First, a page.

Adult who came in due to nausea and vomiting.
Figure 1 (lead2)
The long lead II shows a narrow QRS rhythm at ~88 bpm (?regular).
Figure 2 (full disclosure)
Search for the P waves
The full disclosure will only reveal the positive nibs which are most likely atrial activities in leads II, III and aVF and a little in V1.
Figure 3 3(P waves marked)
Red arrows are the obvious P. Green arrows - not so obvious P and blue arrows are most likely the hidden P's. I have to use a caliper to march these missing P's. The atrial rate is about 187 bpm (8 small squares).
If you use a caliper and measure the RR interval in R9R10, it is longer compared to the rest. It also shows a distinct P wave. This means that the hidden P wave after QRS 9 is the dropped beat of the Wenckebach cycle.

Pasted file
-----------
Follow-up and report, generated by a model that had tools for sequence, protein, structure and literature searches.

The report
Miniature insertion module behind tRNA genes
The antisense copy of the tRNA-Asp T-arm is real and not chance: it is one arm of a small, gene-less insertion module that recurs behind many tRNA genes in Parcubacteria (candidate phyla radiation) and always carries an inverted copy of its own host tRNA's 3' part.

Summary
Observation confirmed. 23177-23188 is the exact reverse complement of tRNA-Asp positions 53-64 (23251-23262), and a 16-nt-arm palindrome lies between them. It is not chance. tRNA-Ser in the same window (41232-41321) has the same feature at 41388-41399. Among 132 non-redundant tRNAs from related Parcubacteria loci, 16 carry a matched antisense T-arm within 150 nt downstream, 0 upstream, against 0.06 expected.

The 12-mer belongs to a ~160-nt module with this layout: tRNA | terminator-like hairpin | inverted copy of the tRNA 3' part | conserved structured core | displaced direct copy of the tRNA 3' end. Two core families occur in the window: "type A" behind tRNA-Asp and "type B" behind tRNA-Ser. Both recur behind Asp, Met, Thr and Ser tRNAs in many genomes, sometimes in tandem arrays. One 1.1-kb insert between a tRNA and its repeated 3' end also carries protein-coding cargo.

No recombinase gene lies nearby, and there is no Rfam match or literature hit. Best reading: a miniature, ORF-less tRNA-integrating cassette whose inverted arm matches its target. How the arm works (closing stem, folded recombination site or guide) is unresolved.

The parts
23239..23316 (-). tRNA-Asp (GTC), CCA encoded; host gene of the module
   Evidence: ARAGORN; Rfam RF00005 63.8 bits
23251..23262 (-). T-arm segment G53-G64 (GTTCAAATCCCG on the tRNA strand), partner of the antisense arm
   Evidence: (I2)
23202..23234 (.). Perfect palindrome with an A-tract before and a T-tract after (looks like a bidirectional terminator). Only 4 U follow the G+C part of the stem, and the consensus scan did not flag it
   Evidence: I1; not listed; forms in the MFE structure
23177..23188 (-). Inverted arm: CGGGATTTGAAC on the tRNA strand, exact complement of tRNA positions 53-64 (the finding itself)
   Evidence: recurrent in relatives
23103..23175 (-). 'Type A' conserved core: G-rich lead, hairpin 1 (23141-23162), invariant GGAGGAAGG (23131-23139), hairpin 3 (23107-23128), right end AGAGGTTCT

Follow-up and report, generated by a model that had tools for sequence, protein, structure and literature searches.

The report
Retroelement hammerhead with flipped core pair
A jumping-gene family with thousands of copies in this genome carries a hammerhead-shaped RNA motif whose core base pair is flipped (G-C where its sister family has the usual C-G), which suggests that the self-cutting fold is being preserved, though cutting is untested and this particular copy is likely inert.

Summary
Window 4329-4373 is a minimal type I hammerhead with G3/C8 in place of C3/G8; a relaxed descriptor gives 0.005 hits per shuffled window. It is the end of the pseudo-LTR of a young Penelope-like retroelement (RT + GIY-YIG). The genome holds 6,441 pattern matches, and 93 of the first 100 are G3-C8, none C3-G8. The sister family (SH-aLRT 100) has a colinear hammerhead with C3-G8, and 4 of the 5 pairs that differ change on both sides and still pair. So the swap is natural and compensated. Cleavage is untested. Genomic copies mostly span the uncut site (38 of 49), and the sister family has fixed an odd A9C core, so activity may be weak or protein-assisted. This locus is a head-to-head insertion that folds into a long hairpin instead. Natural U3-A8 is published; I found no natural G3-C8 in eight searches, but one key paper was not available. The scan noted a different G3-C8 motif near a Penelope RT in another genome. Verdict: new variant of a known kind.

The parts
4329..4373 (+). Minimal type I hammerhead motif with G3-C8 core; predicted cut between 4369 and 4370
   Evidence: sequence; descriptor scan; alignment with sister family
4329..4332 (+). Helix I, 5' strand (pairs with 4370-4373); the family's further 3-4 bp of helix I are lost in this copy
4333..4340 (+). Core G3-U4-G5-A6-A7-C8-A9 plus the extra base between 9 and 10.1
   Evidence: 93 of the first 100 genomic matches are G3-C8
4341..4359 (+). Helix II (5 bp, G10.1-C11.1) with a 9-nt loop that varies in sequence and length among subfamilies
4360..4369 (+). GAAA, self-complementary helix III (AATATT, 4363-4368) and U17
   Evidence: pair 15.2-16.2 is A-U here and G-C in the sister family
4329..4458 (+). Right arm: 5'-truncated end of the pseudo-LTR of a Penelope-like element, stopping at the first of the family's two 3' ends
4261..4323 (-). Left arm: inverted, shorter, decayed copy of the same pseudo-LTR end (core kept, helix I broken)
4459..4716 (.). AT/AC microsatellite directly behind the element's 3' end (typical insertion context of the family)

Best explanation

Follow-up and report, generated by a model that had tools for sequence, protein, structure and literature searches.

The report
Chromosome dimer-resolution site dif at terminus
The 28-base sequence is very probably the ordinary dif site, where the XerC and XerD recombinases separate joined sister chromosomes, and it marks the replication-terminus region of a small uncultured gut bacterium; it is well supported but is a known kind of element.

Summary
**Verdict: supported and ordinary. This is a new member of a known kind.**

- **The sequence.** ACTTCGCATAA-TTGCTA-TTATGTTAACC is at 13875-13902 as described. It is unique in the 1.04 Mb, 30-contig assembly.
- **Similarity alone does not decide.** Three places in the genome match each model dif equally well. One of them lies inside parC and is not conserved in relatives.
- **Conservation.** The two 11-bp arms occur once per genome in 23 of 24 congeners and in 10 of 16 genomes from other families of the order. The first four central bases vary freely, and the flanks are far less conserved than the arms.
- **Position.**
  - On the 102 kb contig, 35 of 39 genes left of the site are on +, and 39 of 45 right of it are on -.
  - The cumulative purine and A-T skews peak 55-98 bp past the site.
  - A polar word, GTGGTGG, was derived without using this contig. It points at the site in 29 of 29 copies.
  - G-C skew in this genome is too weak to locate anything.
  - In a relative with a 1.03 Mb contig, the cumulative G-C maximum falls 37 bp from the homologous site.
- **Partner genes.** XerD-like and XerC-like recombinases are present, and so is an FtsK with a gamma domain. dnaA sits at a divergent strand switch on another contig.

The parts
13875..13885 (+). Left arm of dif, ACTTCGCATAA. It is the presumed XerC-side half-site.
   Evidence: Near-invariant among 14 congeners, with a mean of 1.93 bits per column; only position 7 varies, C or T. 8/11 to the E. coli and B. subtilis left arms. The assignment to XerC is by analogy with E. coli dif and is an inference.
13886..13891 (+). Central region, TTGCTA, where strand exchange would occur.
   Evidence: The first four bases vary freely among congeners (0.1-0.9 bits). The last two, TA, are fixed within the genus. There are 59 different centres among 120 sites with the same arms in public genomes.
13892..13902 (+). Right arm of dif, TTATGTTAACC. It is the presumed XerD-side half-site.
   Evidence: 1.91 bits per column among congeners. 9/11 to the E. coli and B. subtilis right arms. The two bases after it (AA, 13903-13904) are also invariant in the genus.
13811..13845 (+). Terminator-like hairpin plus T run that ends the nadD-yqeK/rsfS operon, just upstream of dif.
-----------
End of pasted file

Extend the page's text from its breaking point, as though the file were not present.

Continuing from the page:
It is now known that atrial flutter rate can be slower than the usual 250-350 range. It can be due to antiarrhythmics or atrial myopahty. With slowing of the atrial rate, isoelectric interval can be seen. Atrial tachycardia on the other hand can be faster than the usual rate of about 240 bpm. An electrophysiologic study is needed to differentiate the two.
Another differential diagnosis is AV dissociation with capture beat on QRS # 10. According to Dr. HJ Marriott:
"The way to recognize ventricular capture is not by finding an appropriate PR interval but rather detecting a shortening of the RR interval."
There is lengthening of the RR interval in R9R10. So, this is not the capture beat we see in AV dissociation.
Interpretation: Atrial tachycardia with a block vs. AFL with Wenckebach
HJ Marriot. 1998. Pearls and Pitfalls in Electrocardiography (2ed). MA Williams and Wilkins